The Magazine

No Tax-Free Lunch

Charities and the tax code.

Sep 1, 2003, Vol. 8, No. 48 • By CHESTER E. FINN JR.
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The far smaller Thomas B. Fordham Foundation, where I work, spends about two-fifths of its budget on direct education research (evaluating state academic standards and tests, for example), communication (an e-newsletter about school reform), publishing (our staff edits--and sometimes writes--the reports that we commission), and technical assistance, particularly to charter schools in Dayton, Ohio. Some of this we handle by making smallish grants to other organizations, but much is done via contracts (to expert researchers, for example) or by deploying our own tiny staff to work directly with schools, other education reformers, and policymakers. All of it conforms to our mission, which is to reinvigorate primary and secondary education, nationally and in Dayton, pursuant to academic rigor and school choice. Yet much of it wouldn't count as charitable activity under the new bill.

Hundreds of such hybrids inhabit the foundation world. How will they respond to the Blunt change? Some might spend more from principal, gradually shrink their endowments, and go out of business. (Although conservatives dream otherwise, the Rockefeller Foundation will certainly survive with the help of clever accountants and lawyers, while real pain awaits the family foundation with a staff of only one or two.) Others will shift from direct services to grant-making, though that won't necessarily make for a better world. (A troubled charter school, for example, may need expert advice as much as it needs cash.) Some will evade the payout requirement by transforming themselves into "operating" foundations, public charities, or other entities that are allowed to spend money pretty much as they see fit. Some could split into multiple organizations, giving much business to attorneys and accountants. It's possible that the net effect of all these changes will be a charitable wash, with little added money flowing to bona fide grantees and with those dollars even less well-monitored and evaluated than today.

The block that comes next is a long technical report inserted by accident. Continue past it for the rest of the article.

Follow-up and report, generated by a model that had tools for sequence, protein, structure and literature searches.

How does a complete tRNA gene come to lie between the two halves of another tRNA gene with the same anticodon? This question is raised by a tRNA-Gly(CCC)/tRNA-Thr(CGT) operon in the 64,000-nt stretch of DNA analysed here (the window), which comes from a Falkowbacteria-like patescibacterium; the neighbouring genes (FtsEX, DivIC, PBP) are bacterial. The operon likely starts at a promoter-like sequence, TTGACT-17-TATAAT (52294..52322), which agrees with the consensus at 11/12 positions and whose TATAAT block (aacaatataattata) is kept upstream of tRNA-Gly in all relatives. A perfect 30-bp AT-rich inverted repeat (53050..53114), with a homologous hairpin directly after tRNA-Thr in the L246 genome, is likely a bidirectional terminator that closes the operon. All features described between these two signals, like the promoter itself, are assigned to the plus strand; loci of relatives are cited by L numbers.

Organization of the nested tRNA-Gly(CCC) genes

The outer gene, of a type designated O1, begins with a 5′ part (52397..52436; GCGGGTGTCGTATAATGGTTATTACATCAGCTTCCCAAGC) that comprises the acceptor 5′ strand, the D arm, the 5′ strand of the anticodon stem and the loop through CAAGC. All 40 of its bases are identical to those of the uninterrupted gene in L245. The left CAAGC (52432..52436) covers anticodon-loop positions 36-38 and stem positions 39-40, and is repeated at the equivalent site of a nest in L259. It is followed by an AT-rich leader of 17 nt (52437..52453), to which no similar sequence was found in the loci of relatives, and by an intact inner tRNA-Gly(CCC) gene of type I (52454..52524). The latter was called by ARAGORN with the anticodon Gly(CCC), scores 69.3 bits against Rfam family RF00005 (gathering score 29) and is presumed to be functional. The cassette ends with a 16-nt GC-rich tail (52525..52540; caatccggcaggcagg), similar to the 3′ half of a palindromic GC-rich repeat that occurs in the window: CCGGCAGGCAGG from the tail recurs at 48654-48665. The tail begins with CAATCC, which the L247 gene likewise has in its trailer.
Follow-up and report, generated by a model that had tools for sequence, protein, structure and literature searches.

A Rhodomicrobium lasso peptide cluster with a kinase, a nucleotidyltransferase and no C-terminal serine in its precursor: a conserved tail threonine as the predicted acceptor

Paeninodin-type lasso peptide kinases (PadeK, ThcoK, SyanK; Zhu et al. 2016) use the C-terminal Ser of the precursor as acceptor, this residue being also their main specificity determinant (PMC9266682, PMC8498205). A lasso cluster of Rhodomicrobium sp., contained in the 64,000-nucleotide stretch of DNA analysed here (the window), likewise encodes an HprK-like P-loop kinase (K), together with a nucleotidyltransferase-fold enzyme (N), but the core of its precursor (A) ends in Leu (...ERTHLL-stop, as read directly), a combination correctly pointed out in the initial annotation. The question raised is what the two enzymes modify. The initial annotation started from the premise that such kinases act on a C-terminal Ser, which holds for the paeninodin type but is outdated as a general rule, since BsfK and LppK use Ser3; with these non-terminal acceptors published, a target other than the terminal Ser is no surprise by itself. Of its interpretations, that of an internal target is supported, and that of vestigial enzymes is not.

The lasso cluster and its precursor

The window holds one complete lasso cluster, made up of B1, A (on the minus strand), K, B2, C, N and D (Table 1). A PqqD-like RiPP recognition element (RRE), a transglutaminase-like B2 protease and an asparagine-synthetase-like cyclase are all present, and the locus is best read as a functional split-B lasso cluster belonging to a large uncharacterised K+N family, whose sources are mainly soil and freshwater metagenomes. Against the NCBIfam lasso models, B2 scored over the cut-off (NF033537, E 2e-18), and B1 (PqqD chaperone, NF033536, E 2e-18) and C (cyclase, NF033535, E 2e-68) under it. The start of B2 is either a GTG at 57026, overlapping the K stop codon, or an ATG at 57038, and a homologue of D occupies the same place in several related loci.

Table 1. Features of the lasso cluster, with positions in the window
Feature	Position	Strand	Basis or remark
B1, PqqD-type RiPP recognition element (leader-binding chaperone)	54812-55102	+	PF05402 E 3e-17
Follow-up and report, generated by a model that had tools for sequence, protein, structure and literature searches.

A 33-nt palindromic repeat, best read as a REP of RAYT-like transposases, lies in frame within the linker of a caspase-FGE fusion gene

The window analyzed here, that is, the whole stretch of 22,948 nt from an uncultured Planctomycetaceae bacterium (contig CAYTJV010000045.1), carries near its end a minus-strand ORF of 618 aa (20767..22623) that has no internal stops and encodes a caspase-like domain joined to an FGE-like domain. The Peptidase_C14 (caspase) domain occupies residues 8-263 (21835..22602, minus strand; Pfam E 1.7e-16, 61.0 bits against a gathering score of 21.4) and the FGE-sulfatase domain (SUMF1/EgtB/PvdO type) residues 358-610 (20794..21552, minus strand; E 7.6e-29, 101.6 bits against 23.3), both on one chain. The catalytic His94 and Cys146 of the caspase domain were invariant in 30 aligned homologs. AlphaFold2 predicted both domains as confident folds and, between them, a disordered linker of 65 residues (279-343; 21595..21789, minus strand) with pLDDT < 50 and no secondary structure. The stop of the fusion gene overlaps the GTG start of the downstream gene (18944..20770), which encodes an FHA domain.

In the Ways and Means committee, several compromises have been tendered to let direct charitable work count toward the annual payout. And in the Senate, Texas Republican Kay Bailey Hutchison has introduced a complicated alternative of her own. But while these variants would reduce the damage, their main achievement would be to create new opportunities for cagey foundation business officers, bookkeepers, and tax lawyers to disguise their overhead expenses as charitable activity. Council on Foundations president Dorothy Ridings has reportedly said as much to House members, but her message has not gone down well. Some members are now so eager to whack Ford and its ilk--and Ridings and her team as well--that committee aides don't mind telling hybrid foundations that it's just too bad they've been caught in the crossfire.

Is there an alternative? Yes, but not one that lets politicians claim credit for ending high living on East 43rd Street or pricking the Robert Wood Johnson Foundation's balloon. The IRS has numerous enforcement tools for policing the nonprofit sector, beginning with audits. Yet it seldom wields those tools because private foundations and their 501[c]3 beneficiaries are not very rewarding places to hunt for federal revenues. Still, even the threat of random audits and other reviews of foundation activities would curb much abuse. Yes, the Blunt bill would block some fancy lunches and--maybe--the salaries of atrium gardeners from qualifying as charitable activity. But in the complex world of American philanthropy, it would also do more than a little damage to valuable work the bill's authors may have never even noticed.

Chester E. Finn Jr. is president of the Thomas B. Fordham Foundation.